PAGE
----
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Using a Windows 95 peer-to-peer network
technofile  by al fasoldt
Columns and commentaries in a life-long dance with technology 
Simple gray rule

Using a Windows 95 peer-to-peer network

Technofile for Feb. 23, 1997
This is an expanded version of the column that appears in print.

By Al Fasoldt

Copyright © 1997, Al Fasoldt
Copyright © 1997, The Syracuse Newspapers

Setting up a Windows 95 PC network is simple and easy, as we saw last week. Using the network is even easier.

(If you missed last week's column, you can read it on the World Wide Web at

I'll describe the ways you can use a Windows 95 home or small-office network shortly. Let's get some of the technical stuff out of the way first.

Normal networking, like the kind you'd find in a large office or university, uses what is called a client-server system. The client is the computer you use; the server is a computer somewhere else, maybe in another room or even farther away, that stores things for you and everyone else on the network. The server also does other jobs, such as handling printing and mail.

Client-server networking works well. It's also expensive, both for the equipment (a separate computer just to handle the network) and for the personnel (someone who takes care of the network). That's why another kind of networking is becoming popular. It connects computers without using a server. Because all computers connected this way are equal, it's called peer-to-peer networking.

Peer-to-peer networking has been around quite a while. PC users may not want to admit it, but Apple's Macintosh made peer-to-peer networking an affordable reality more than a decade ago. Macs use AppleTalk and simple cables to connect to each other. In some ways, AppleTalk isn't up to the kind of networking we're talking about here (it's slow, for one thing), but we can't deny that it blazed the path for PCs.

In the Windows world, Microsoft's Windows for Workgroups (especially version 3.11) had the biggest effect, and is still in use today in hundreds of thousands of offices around the country. Windows of Workgroups is robust and easy to use. But it's now outmoded by the built-in peer-to-peer networking in Windows 95.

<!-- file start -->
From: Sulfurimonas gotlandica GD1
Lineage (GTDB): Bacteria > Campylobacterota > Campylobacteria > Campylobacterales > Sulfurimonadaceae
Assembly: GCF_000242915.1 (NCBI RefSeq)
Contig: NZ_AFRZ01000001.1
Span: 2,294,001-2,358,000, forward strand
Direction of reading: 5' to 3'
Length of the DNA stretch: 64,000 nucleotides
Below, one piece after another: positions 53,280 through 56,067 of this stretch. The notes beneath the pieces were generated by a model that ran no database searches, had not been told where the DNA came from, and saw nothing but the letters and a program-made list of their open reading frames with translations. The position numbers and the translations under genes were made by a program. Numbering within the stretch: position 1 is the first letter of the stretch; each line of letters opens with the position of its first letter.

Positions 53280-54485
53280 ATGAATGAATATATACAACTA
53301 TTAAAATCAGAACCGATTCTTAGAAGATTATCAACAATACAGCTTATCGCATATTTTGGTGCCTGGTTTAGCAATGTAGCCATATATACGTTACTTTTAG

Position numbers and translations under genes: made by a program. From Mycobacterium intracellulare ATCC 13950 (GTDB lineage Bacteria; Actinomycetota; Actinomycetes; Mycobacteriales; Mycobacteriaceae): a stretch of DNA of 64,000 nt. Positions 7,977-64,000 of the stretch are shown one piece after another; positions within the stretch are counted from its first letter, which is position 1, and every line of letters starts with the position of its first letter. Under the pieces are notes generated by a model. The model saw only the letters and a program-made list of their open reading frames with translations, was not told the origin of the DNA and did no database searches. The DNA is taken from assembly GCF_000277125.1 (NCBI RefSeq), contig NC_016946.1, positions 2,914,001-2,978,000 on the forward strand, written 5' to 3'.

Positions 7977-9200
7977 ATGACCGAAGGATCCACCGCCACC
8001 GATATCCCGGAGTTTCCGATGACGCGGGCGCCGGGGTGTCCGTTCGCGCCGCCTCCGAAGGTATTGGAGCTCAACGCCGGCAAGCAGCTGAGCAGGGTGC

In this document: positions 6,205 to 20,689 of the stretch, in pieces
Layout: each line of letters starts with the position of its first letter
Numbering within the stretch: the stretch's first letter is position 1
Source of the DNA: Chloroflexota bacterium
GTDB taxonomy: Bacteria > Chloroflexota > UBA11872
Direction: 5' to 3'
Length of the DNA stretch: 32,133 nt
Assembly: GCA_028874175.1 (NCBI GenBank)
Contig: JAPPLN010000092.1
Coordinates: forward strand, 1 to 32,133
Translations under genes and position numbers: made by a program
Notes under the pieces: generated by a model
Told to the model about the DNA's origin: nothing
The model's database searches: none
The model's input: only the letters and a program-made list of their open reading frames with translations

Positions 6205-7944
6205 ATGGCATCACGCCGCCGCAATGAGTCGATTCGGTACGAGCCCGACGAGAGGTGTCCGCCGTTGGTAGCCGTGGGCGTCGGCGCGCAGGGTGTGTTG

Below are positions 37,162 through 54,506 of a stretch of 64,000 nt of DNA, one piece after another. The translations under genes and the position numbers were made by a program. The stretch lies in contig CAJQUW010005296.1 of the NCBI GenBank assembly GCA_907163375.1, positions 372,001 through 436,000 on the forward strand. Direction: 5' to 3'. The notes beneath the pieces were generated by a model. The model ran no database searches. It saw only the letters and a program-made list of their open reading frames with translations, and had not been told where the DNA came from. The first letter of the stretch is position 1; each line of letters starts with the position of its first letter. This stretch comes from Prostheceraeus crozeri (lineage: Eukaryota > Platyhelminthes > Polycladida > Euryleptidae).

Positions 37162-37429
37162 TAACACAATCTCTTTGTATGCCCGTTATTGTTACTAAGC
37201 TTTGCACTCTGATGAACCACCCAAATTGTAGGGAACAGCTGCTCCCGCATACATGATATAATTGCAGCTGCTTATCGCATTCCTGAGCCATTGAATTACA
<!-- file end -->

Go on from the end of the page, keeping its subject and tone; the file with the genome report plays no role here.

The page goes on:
Most of the networking pros I've talked to consider peer-to-peer networking dreadful, but they may feel that way because they're not familiar with the way Windows 95 handles it. Under Windows 95, peer-to-peer networking is transparent _ it's built into the basic way Windows works. Most users probably would not find anything different between a networked PC and one that stands alone, except for their ability to retrieve files stored on another computer or print through a remote printer.

Now the easy parts.

Setting up a printer that's connected to one PC as the network printer is easy under Windows 95. Click on the My Computer icon, then click on the Printers icon. Click on the Add Printer icon and follow the instructions in the window. You can't do it wrong, because the setup wizard gives you only two choices, and both are clear. (Microsoft should get a lot of credit for these wizards; they're the best examples yet of its research into how ordinary computer users can get lost when they're faced with too many choices.)

Sharing drives is simple. Right-click on a drive icon in My Computer and choose Sharing. Click on ``Shared As:'' and type in a name. (A tip: Don't put any spaces in the name. Space can confuse some programs.) Then choose the type of access. ``Read-Only'' means remote users can open files and folders but can't change them. ``Full'' means remote users can do anything they want to your files and folders, so be careful. ``Depends on Password'' lets you choose passwords for both kinds of access.

You can do the same thing for folders. Right-click on a folder and choose Sharing, then follow the same routine you use for drives. Shared drives and folders show up in the Network Neighborhood of each computer on the network.

An older method of sharing drives is also available. It's handy if you use older software that doesn't understand the Universal Naming Convention, a way of listing locations using a double backslash at the front of the name. (In Windows 95, all shared items have UNC names.) A UNC name looks like this: \\Mary\C\Shared Files\Schedule.txt.

The older method is called drive mapping. Open the Network Neighborhood and click on the icon for another computer on the network, then right-click on one of the drives attached to that computer. You'll see ``Map Network Drive.'' Windows 95 will suggest a drive letter for you, but you can choose any other unused letter. (Tip: If you don't see many choices of letters, you probably have a line that reads ``LASTDRIVE='' in a file called the CONFIG.SYS in the root of the C: drive. Change the letter that appears after the equal sign to a letter high enough to give you more choices. Make sure you use SYSEDIT.EXE to do this. Don't use Notepad, which is Microsoft's big floozy. You have Sysedit on your hard drive, and you can get it to run just by typing Sysedit in the Run window.)

Mapped drives are special. Drives on other computers on the network that are mapped to your PC show up along with your own drives in My Computer. That means you can run programs or access data from another computer on the network just as if you were doing everything on your own drive. (To the software, the mapped network drive looks just like one of your own drives.)

A great candidate for a shared drive is a CD-ROM drive on another computer on the network. You can even play games or run entertainment software on another PC's CD-ROM drive across the network. You can even do this while that remote computer is busy with other tasks. And if you have a fast CD-ROM drive on that PC, two or more remote users can access the drive at the same time.

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